Prime Minister Benjamin Netanyahu agreed Thursday to support a plan for exempting all food subject to government price controls from the 18% value-added tax.
Netanyahu consented to the controversial plan, which he briefly spoke in favor on early in the election campaign, after Arye Dery, leader of the ultra-Orthodox Shas party, conditioned his joining the government with his seven Knesset seats on the exemption being part of the coalition agreement.
Eliminating VAT on price-controlled products, which include basic items like milk and bread, will cost the government some 1 billion shekels ($250 million) in revenues annually and has elicited strong opposition from economists at the treasury and the Bank of Israel. Israel has almost no exemptions or discounts on VAT, so creating a differential tax will require stepped-up supervision.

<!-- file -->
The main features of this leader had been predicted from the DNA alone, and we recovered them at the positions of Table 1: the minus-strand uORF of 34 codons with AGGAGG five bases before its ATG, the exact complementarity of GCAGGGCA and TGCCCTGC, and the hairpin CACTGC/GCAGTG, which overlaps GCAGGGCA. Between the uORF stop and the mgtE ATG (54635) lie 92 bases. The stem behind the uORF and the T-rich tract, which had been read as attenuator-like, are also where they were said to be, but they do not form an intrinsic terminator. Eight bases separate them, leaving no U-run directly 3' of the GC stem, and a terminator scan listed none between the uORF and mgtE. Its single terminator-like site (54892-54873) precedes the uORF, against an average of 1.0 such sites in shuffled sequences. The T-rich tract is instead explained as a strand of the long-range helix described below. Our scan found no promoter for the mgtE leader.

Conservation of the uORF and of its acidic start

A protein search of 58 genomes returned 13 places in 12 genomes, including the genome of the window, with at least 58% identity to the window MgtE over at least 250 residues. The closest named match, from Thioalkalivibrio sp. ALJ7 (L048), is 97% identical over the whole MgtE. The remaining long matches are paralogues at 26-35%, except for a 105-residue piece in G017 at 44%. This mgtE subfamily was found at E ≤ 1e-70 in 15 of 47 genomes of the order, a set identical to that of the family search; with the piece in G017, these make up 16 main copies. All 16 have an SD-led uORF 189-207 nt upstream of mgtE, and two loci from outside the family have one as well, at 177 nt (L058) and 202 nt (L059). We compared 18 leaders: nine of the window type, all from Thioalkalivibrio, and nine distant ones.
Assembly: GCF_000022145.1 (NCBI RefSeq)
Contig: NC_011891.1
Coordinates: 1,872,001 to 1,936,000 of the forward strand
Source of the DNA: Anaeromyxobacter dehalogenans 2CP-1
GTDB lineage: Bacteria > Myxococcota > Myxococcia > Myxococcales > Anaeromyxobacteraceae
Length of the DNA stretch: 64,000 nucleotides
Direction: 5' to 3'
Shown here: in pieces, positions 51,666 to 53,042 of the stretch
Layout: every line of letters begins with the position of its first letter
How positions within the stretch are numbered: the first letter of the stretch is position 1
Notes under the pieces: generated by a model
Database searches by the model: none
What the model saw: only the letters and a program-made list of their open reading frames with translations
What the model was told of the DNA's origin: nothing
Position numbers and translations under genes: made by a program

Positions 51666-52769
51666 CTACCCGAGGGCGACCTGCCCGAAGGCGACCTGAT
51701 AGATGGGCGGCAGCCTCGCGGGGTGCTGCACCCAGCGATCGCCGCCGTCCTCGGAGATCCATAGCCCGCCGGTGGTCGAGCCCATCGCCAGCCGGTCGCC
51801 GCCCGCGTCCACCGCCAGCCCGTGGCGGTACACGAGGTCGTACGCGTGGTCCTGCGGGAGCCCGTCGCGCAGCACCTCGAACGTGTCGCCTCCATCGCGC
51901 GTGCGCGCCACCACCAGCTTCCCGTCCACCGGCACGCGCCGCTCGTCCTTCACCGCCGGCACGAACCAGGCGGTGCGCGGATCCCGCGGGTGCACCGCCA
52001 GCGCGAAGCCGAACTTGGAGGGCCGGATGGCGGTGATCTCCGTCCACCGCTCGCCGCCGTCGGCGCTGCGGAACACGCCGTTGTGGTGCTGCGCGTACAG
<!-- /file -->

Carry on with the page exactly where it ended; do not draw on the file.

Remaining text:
Moshe Kahlon, the finance minister designate, also opposed the exemption and had sought to waylay it by referring to a committee that would have included him and Dery on it. But Dery rejected the compromise. Kahlon’s office declined to comment.
Dery, whose Shas party ran on a socioeconomic platform, had put exempting basic food from VAT as a key campaign demand. Economists, however, say the exemption will help wealthy and middle class consumer at least as much as the poor.
Earlier Thursday, Dery agreed to give up his demand for the Interior Ministry. That means he will likely get the Economy Ministry in its place as well as the Social Welfare Ministry for another Shas appointee. As economy minister he will sit on the committee that appoints labor court judges even though he was convicted of taking bribes and served 22 months in prison.
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